MetLife Longevity Calculator: This calculator is bare boned and a little odd in that you have to put in your own as well as your spouse’s information. (Make up a spouse if you are single, I guess.) However, they do give you a percentage chance of living to different ages which is interesting.
Big Life: Big Life asks specifics about different kinds of physical activity as well as collecting details about how much fruit and vegetables you eat each week — in addition to the normal questions.
Medical Life Expectancy Calculators: If you have a specific disease or condition, you might want to use a life expectancy calculator specific to your medical situation. While highly relevant, most of these are actually intended to be used by doctors. However, if applicable, you might try one of the following:
- Seattle Heart Failure Model
- National Cholesterol Education Program
- 5 Year Stroke Risk
- Cardiovascular Health
- Breast Cancer Risk Assessment Tool
NOTE: All of the above calculators are based on real data. However, it is important to state again that these calculators are not 100 percent accurate. They use averages and historical data to make projections. But remember, you are completely unique and there is no predicting the future.
So… How to Plan for Retirement When You Don’t Really Know How Long You Will Live
Retirement planning can feel futile when one of the biggest factors — your longevity — is completely unknowable.
Here are a few strategies for creating a plan that feels rational:
1) Understand how longevity is projected in your retirement plan: Most retirement calculators and even many retirement financial advisors use simple averages when calculating your retirement financial needs.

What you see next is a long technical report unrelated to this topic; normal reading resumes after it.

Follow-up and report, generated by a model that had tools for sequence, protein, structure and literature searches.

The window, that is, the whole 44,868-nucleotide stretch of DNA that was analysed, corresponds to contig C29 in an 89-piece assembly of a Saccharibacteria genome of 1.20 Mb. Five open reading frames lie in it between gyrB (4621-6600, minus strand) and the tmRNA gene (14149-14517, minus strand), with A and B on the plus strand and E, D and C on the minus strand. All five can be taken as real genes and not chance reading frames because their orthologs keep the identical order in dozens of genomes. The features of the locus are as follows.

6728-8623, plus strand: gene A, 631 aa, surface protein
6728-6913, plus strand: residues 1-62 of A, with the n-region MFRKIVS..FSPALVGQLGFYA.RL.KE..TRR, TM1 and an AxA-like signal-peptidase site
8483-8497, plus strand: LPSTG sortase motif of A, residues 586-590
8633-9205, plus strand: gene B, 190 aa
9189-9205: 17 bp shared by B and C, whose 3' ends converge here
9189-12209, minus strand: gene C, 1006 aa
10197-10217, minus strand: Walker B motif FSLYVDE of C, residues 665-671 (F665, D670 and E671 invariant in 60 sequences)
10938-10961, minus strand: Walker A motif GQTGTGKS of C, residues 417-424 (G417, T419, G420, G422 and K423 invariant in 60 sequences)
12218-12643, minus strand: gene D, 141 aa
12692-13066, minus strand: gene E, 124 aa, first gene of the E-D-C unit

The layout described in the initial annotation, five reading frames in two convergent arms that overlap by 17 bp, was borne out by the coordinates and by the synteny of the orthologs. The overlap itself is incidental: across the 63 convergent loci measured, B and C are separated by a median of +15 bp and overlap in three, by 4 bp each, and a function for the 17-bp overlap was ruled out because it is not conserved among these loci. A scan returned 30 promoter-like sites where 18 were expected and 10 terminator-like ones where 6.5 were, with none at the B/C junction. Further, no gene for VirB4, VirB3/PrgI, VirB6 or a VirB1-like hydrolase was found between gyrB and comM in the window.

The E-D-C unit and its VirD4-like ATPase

You need to understand this and make sure you are okay with the calculations.
The NewRetirement Retirement Planner allows you to enter a goal age for you (and your spouse if applicable). So, with this tool you can control how long you want to be able to fund your retirement.
2) Consider optimistic and pessimistic plans: You may want to create different retirement plans based on an optimistic life expectancy and a pessimistic life expectancy. For example, you might have a solid financial plan that takes you from age 65 until you are 80 years old. And your back up plan might be to use home equity or some other source of wealth thereafter.
3) Update plans quarterly: It is important that you assess and refine your retirement plans regularly. Quarterly is recommended, but you should check in anytime your finances and health change. Retirement planning is not something you do once and forget. It should be a part of a routine.
4) Consider retirement income instead of living off savings: Most people approaching retirement are focused on figuring out how much savings they need.
However, you might be better off figuring out how much income you need every month and then taking steps to guarantee that income for your lifetime.
The two most popular sources of guaranteed lifetime income for retirement are:
- Social Security: Social Security is income that is guaranteed for life — no matter how long you live. Because it lasts for as long as you do, it may be worth delaying the start of Social Security to maximize your monthly benefit.
- Lifetime Annuities: Lifetime annuities can be another source of guaranteed lifetime income. If you can afford a lifetime annuity, they can enable you to stop worrying about running out of money before you die.
Your Life Expectancy and Your Retirement Plan
This article gives you a variety of options for dealing with your life expectancy. No matter how you choose to plan, a good retirement calculator can help you make better choices.
The NewRetirement Planner has been named a best retirement calculator by the American Association of Individual Investors (AAII), Forbes Magazine, The Center for Retirement Research at Boston College, MoneyBoss, CanIRetireyet and many more.
The tool is ideal for planning because it covers a comprehensive set of information relevant to retirement and lets you customize everything — including your own life expectancy.